College of Ag Sciences announces recipients of CURAD Virtual Fellows Program

February 12, 2021

UNIVERSITY PARK, Pa. — Penn State’s College of Agricultural Sciences has named the recipients of its first-ever Consortium for Ukraine’s Rural and Agricultural Development Virtual Fellows Program.

Iryna Lytvynchuk, of Polissia National University in Zhytomyr, Ukraine; and Maksym Klymenko, of Kyiv-based National University of Life and Environmental Sciences of Ukraine, will support the consortium’s work to help Ukraine realize its full potential related to land market privatization.

Penn State is a founding member and chair of the Consortium for Ukraine’s Rural and Agricultural Development, referred to as CURAD. Ohio State University, Louisiana State University and University of Missouri also are members.

These land-grant universities have pledged support for continued reform and development of the agricultural and rural sectors in Ukraine, explained Deanna Behring, assistant dean and director of international programs in the College of Agricultural Sciences.

“CURAD builds on our college’s long-standing relationship with partners in Ukraine, driven in large part by real estate developers Helen and Alex Woskob and their family, who have invested much time, expertise and resources in the local community and Penn State,” she said. “We are thrilled to have these exceptional leaders join us in advancing progress in Ukraine.”

The fellowship provides scholars at Ukrainian agricultural universities with the opportunity to study educational methods, to take and co-teach courses, and to establish links with Penn State researchers. Due to COVID, the scholars will collaborate via online interactions during the 2021-22 academic year.

During the fellowship, Lytvynchuk plans to investigate community economic development and community engagement. Tim Kelsey, co-director of the Center for Economic and Community Development and professor of agricultural economics in the college, will be her mentor.

CURAD Fellow Iryna

Iryna Lytvynchuk is director of the Center for Intellectual Property, Innovation and Project Management at Polissia National University.

IMAGE: Iryna Lytvynchuk

As director of the Center for Intellectual Property, Innovation and Project Management at Polissia National University, Lytvynchuk has responsibilities related to external and internal university development projects. She also organizes educational programs for rural youth to prepare them for the labor market.

Polissia National University, she explained, is expanding its focus to support regional and local development. “We are trying to establish a wide cooperation network with local rural communities to serve them as an extension center,” she said. “That is why I have a strong interest in the extension model and American experience with its implementation.”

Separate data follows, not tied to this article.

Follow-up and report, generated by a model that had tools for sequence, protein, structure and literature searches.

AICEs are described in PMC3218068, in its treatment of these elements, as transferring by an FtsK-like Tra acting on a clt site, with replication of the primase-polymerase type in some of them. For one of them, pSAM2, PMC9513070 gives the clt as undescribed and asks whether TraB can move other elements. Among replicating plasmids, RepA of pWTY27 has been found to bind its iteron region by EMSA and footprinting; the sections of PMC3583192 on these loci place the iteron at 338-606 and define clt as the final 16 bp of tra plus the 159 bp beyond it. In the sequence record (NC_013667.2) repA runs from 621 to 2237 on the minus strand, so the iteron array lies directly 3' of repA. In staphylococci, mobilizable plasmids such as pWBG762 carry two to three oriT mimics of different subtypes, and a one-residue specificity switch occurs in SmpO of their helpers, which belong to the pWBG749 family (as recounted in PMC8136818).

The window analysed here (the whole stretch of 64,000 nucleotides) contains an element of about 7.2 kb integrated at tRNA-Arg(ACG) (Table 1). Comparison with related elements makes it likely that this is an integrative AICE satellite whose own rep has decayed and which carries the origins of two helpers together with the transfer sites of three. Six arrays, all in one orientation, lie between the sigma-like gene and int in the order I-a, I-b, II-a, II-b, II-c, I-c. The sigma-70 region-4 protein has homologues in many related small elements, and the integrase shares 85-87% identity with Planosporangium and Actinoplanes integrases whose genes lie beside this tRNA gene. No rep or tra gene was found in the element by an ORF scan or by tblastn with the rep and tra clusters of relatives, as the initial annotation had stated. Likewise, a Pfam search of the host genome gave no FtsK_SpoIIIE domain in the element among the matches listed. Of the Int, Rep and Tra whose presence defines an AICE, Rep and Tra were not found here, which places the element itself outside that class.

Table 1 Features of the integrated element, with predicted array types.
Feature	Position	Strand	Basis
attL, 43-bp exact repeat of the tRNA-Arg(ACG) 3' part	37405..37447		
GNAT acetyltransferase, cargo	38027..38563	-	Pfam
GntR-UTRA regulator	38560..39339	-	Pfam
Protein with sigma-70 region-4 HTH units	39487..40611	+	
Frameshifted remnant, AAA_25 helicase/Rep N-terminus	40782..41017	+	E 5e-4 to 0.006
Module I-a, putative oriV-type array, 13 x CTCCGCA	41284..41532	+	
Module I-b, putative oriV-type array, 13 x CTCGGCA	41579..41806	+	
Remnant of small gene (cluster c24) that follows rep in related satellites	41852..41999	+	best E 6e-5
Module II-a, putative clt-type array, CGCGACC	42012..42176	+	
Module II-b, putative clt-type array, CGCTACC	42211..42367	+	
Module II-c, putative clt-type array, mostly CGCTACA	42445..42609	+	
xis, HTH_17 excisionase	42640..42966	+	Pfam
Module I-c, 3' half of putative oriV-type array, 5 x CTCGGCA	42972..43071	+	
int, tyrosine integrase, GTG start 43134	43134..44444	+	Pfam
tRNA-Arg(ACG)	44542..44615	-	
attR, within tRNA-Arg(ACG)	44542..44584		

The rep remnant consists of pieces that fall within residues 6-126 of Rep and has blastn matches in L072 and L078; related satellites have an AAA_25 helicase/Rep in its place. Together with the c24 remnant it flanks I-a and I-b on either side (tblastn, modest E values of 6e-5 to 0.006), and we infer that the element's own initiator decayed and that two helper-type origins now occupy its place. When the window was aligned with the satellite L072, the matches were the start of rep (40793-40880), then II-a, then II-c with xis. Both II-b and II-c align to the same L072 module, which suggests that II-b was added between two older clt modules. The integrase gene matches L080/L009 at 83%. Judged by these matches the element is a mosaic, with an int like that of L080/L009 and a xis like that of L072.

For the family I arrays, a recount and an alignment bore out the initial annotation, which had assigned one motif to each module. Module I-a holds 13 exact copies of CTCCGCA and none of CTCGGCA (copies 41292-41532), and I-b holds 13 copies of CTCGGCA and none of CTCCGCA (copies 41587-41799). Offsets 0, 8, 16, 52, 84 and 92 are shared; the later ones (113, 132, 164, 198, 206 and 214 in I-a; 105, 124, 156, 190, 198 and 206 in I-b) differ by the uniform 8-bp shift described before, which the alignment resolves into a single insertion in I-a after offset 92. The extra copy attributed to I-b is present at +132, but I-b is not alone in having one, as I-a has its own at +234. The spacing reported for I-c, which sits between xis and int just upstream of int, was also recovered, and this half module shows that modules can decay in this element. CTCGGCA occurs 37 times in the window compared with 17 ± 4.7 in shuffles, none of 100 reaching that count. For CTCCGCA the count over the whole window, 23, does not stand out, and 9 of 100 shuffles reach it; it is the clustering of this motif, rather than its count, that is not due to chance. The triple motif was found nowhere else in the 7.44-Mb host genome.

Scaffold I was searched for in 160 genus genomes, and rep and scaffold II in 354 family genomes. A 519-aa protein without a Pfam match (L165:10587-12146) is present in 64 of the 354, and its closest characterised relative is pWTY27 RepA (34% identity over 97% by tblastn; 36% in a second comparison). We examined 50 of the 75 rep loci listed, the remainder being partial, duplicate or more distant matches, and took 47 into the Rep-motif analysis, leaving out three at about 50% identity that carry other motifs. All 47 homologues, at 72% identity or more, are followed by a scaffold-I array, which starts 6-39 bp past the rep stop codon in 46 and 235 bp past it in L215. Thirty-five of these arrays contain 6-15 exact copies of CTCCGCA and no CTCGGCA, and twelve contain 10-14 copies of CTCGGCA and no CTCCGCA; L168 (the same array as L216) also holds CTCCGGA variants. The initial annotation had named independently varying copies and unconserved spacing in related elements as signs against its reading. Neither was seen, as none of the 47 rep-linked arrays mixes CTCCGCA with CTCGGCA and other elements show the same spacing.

Additionally, she wants to implement new master’s degree programs at Polissia, helping to advance the cooperation and development of relations with the American universities.

“I aim to establish dual-education models and rural ecosystem development projects that will accelerate the scaling of the economic outputs for the society,” she said. “I intend to start by preparing a new cohort of talented specialists based on knowledge gained at Penn State.”

Growing up in a small village in central Ukraine, Klymenko witnessed many challenges the agricultural and rural sector communities faced, including what he described as “backward” social services, deterioration of natural resources and rural outflow.

CURAD Fellow Max

Maksym Klymenko is a doctoral candidate in finance at Kyiv-based National University of Life and Environmental Sciences of Ukraine.

IMAGE: Maksym Klymenko

“The CURAD Fellowship is a great chance to enhance my knowledge in agricultural development, sustainable land management and land reform process,” said Klymenko, a doctoral candidate in finance. “Also, taking part in such a high-level program allows me to reach the global scientific community, collaborate with them, absorb their experience and share mine.”

This is not his first time working with Penn State — he took a food safety course at his university that was led by Penn State faculty. He was impressed with how the class was conducted and with the helpfulness of the instructors.

“The CURAD Fellowship is a perfect continuation and a positive platform,” said Klymenko, who will be mentored by Stephan Goetz, professor of agricultural and regional economics. “With the generous support from Penn State, the Woskobs and Professor Goetz, I hope to improve Ukraine’s agricultural and rural development, its ecological footprint, and the welfare of its rural inhabitants.”

(Media Contacts)

Last Updated February 12, 2021